But even a miniscule risk of mesothelioma is worth avoiding, given the severity of the disease.


    From cancer.gov:

    "Who is at risk for an asbestos-related disease?

    Everyone is exposed to asbestos at some time during their life. Low levels of asbestos are present in the air, water, and soil. However, most people do not become ill from their exposure. People who become ill from asbestos are usually those who are exposed to it on a regular basis, most often in a job where they work directly with the material or through substantial environmental contact."


    So if you're literally rolling in the stuff and breathing it in daily you MIGHT come down with a related cancer. But even if you did a total-slob-job of mopping it up under your house without protective gear it doesn't increase your persona risk measurably.

    Think of it as running from your car to the house during a lighting storm- the vast majority of the time you make it without getting zapped (but just one lighting hit can really mess up your whole day.)
     
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  7. Magneto

    Magneto Member

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    Stanford, Connecticut
    You make a solid point, and Its interesting to hear another take on this. I was referring to the amount of exposed asbestos I had seen in the photo. That is what I was concerned about. I was just letting the person know how dangerous it is. Mesothelioma isnt the only form of cancer that one can get from asbestos. The main one is lung cancer, which hits almost 5,000 people a year. Any little exposure can cause damage over time, and that was what I was referring too.
     
  8. Dana

    Dana In the trades

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    I suppose if you inhaled 100% of the dust in the picture and it were all asbestos there would be an increased risk, eh? :confused:

    We don't know that it's asbestos in the picture, and I strongly suspect that it is not. It doesn't look very much like the commonly found asbestos insulation products. It DOES look like rock wool fluff and a bunch anonymous amorphous grunge, none of which you'd want to be inhaling during a clean up anyway.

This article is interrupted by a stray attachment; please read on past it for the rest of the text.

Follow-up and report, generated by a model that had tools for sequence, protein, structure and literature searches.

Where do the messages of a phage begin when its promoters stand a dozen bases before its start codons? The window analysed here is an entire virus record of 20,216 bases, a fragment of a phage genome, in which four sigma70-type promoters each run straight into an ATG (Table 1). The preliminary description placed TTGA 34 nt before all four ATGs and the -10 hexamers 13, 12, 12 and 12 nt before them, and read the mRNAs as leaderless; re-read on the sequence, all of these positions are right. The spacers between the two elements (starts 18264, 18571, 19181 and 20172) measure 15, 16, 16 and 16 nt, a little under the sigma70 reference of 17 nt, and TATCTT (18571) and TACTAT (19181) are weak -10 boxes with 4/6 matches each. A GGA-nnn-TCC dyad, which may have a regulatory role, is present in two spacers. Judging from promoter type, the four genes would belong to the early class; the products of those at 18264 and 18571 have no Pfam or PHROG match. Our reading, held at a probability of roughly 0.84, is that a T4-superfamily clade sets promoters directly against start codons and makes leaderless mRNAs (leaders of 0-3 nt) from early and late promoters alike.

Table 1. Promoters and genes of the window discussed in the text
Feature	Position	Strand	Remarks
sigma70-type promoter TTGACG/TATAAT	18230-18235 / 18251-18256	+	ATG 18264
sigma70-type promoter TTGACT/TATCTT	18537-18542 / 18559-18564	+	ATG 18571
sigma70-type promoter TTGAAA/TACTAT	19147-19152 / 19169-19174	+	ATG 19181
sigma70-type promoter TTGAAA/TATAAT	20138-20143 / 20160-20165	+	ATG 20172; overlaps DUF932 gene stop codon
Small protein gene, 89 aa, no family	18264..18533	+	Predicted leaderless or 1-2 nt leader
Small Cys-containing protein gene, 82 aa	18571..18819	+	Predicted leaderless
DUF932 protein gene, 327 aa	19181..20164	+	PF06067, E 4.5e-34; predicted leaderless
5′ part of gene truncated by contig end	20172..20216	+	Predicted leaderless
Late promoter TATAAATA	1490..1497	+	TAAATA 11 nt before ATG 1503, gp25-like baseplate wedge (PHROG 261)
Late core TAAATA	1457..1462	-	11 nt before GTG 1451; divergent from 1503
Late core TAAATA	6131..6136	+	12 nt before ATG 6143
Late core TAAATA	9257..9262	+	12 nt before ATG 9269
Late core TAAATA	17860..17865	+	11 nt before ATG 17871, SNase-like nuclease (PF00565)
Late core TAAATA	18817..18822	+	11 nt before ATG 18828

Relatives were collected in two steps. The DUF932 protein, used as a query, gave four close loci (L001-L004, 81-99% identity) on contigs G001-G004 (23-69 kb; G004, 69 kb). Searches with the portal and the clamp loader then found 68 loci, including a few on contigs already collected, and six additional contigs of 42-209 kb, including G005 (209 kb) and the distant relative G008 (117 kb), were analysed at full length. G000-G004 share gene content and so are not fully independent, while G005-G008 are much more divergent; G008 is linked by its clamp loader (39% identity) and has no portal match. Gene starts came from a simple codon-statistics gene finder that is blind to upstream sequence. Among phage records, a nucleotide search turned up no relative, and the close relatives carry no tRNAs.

Most people who worked in asbestos mines did not get cancer, but many did. But that's a very different level of exposure than one clean-up job on one crawlspace.

    While mesothelioma is strongly linked to asbestos exposure, it's quite rare. Mesothelioma risk among smokers exposed to asbestos is at the same level as non-smokers with similar asbestos exposures. But for some other asbestos related cancers there's a 10x-100x amplifier effect, ESPECIALLY with lung cancer. But the risk is still total exposure related. While it's possible to tease out the increased risk among family members of asbestos miners from the statistics, it's far different working in the mine, even though those family members were regularly exposed to lower levels of asbestos brought home on the miner's clothing, car, & other items. It's also possible to tease out from statistics the increased risk of asbestos related disease from living at an intersection with stop lights prior to banning asbestos in automotive brake linings. But that risk is deeply "in the noise".

    From a public health risk point of view it's important to be mindful of those risks, but paranoia isn't really warranted. Risks of asbestos found in homes is manageable from a personal health perspective, even when the material is known to be asbestos, unlike this case. Treating it as if it were high level nuclear waste (which COULD have a 60% incidence in serious health problems, including mortality, from a single acute exposure) is just plain silly.